Use this URL to cite or link to this record in EThOS: https://ethos.bl.uk/OrderDetails.do?uin=uk.bl.ethos.792551
Title: Establishing the accuracy of the 'FTP' (fitness to plead) tool in identifying malingering
Author: Wallace, Maeve
ISNI:       0000 0004 8499 1429
Awarding Body: Royal Holloway, University of London
Current Institution: Royal Holloway, University of London
Date of Award: 2016
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Abstract:
It is essential that a defendant's fitness to plead be accurately assessed in order to ensure that those who are unable to effectively participate in their trial are not required to do so. With a mandate from the Law Commission, a new measure, the 'FTP' has been developed; this measure is designed to assess fitness to plead in terms of the defendant's decision-making capacity. What has not been determined to date is whether this new measure is vulnerable to attempts at malingering. The current study is an investigation of the FTP's effectiveness in detecting malingering, as well as an exploration of the sample's understanding of fitness to plead and how this could potentially be malingered. This study employed a between-subjects, double-blind, mixed-methods design, involving two groups: simulated malingerers group and a control group. Sixty-four students were recruited to this study, primarily via a research credit participation scheme. All participants completed the FTP measure and the Ravens Standard Progressive Matrices (RSPM). The RSPM was used as a criterion measure of malingering. Participants also answered qualitative questions regarding their understanding of fitness to plead and their simulated profile of unfitness. Results indicated that the FTP's malingering items were not sensitive to attempts at malingering; Content Analysis revealed that participants primarily indicated mental health problems, and to a lesser extent, cognitive difficulties as the reasons someone would be found unfit to plead; the most commonly attempted means of malingering was that of malingered cognitive impairment. Recommendations are offered to assist clinicians in detecting malingering while using the FTP, and the clinical and theoretical implications of the current study's results are described.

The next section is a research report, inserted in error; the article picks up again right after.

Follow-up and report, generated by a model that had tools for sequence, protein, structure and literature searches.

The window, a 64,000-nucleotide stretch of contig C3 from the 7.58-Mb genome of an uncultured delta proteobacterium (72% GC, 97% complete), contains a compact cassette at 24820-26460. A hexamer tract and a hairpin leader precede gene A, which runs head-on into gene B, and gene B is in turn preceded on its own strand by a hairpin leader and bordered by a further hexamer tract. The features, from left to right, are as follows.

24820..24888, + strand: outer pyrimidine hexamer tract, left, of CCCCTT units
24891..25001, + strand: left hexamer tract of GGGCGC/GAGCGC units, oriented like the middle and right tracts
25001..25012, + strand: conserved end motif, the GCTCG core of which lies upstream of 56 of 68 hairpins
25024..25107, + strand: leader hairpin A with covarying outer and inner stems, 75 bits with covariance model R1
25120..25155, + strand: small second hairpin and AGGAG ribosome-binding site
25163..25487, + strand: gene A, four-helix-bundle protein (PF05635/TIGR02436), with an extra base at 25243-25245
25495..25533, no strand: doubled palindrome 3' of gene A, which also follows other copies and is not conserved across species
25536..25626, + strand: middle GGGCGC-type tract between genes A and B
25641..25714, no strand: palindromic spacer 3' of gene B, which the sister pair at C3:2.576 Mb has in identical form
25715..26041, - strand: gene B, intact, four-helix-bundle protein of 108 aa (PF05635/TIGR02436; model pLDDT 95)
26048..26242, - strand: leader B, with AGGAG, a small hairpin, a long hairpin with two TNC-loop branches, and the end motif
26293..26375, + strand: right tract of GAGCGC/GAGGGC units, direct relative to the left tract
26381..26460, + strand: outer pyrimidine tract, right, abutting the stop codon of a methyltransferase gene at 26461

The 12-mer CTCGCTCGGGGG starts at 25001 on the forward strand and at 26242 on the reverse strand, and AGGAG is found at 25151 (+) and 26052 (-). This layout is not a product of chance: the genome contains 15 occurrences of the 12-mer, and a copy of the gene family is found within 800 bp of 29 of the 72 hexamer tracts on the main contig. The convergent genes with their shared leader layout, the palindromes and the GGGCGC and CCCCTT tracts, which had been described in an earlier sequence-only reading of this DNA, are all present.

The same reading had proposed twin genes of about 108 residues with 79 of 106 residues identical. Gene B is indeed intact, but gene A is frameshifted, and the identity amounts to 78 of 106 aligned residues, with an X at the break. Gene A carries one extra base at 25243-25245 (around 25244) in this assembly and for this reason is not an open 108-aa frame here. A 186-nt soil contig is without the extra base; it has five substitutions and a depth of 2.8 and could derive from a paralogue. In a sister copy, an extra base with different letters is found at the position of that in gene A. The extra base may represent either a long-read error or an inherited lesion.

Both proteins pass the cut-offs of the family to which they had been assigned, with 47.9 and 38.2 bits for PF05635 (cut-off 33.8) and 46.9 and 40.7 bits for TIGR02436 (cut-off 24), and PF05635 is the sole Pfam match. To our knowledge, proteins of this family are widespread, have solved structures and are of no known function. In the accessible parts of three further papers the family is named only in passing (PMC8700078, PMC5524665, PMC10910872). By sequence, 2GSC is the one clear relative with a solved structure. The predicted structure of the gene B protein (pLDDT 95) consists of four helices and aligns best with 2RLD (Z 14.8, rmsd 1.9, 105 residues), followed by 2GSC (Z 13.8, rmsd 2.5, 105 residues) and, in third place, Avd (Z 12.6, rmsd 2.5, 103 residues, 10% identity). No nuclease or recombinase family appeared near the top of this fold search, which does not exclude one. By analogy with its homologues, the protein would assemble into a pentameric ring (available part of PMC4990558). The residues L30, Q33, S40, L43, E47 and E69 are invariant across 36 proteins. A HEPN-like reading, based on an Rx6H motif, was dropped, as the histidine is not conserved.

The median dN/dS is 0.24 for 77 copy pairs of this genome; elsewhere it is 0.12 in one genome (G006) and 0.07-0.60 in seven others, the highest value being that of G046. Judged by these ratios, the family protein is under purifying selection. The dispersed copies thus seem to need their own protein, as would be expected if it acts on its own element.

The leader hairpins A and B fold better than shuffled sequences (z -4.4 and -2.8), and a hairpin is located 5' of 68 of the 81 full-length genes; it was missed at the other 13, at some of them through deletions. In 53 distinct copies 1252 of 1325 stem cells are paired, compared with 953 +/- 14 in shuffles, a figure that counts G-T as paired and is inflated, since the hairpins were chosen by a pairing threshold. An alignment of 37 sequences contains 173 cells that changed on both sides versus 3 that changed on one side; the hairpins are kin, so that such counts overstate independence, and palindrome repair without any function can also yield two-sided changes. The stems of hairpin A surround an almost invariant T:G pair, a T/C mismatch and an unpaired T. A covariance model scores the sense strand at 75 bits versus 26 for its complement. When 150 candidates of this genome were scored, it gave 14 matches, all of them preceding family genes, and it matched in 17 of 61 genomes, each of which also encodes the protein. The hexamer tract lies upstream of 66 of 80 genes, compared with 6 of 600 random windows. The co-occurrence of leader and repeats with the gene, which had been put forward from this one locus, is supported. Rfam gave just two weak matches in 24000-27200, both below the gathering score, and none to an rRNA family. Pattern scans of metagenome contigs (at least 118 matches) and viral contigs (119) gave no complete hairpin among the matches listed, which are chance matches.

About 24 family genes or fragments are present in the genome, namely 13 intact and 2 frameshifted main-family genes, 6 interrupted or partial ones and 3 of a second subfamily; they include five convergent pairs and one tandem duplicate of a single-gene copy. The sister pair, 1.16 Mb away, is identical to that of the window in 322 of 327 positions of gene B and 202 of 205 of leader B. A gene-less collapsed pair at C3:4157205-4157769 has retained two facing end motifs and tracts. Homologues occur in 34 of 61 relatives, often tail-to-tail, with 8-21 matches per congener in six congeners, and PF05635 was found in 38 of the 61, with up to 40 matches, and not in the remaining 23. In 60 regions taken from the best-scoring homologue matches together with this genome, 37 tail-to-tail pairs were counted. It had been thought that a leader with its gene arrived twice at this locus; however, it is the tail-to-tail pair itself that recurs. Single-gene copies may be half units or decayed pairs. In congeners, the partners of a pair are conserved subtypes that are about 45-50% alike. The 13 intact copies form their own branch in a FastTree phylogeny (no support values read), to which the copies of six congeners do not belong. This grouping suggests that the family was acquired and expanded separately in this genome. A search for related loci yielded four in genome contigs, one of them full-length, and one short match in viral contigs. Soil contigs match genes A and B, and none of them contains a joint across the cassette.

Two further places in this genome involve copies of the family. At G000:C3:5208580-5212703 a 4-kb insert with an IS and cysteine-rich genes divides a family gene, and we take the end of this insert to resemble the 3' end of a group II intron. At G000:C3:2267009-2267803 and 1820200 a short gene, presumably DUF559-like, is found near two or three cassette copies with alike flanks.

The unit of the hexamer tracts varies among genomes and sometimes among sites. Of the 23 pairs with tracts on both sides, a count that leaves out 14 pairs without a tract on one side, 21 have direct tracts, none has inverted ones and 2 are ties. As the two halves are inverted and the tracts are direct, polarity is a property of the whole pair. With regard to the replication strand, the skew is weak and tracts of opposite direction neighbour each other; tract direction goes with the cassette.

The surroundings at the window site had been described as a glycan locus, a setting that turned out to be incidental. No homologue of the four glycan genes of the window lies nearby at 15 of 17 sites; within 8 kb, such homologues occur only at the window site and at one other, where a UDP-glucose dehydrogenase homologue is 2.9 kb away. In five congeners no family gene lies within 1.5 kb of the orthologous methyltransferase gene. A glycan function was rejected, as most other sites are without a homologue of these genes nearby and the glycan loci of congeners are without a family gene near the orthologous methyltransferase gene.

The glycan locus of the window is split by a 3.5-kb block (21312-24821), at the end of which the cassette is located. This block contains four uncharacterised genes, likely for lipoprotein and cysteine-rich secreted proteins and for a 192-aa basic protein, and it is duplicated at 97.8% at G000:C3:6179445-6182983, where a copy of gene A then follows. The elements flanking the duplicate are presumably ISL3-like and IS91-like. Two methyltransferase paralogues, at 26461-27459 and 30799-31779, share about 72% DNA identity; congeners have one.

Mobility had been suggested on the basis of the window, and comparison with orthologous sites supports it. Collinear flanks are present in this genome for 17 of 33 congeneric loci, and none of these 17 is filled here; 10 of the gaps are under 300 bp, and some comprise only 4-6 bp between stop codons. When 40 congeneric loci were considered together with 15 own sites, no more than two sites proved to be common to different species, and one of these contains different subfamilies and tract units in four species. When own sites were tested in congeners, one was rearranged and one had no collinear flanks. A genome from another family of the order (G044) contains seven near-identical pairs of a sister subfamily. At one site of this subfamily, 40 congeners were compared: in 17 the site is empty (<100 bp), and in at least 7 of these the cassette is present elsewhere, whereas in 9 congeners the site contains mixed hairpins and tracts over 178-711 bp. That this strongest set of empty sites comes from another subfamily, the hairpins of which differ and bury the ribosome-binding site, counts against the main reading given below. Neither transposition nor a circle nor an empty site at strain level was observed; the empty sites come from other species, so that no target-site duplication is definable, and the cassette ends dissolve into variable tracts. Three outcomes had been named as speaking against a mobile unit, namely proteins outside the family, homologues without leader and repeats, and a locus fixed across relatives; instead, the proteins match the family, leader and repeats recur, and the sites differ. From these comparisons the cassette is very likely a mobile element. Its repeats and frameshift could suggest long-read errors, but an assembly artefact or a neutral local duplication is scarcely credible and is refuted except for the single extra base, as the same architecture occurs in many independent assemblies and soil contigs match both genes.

Supervisor: Not available Sponsor: Not available
Qualification Name: Thesis (D.Clin.Psy.) Qualification Level: Doctoral
EThOS ID: uk.bl.ethos.792551  DOI: Not available
Keywords: fitness to plead ; malingering
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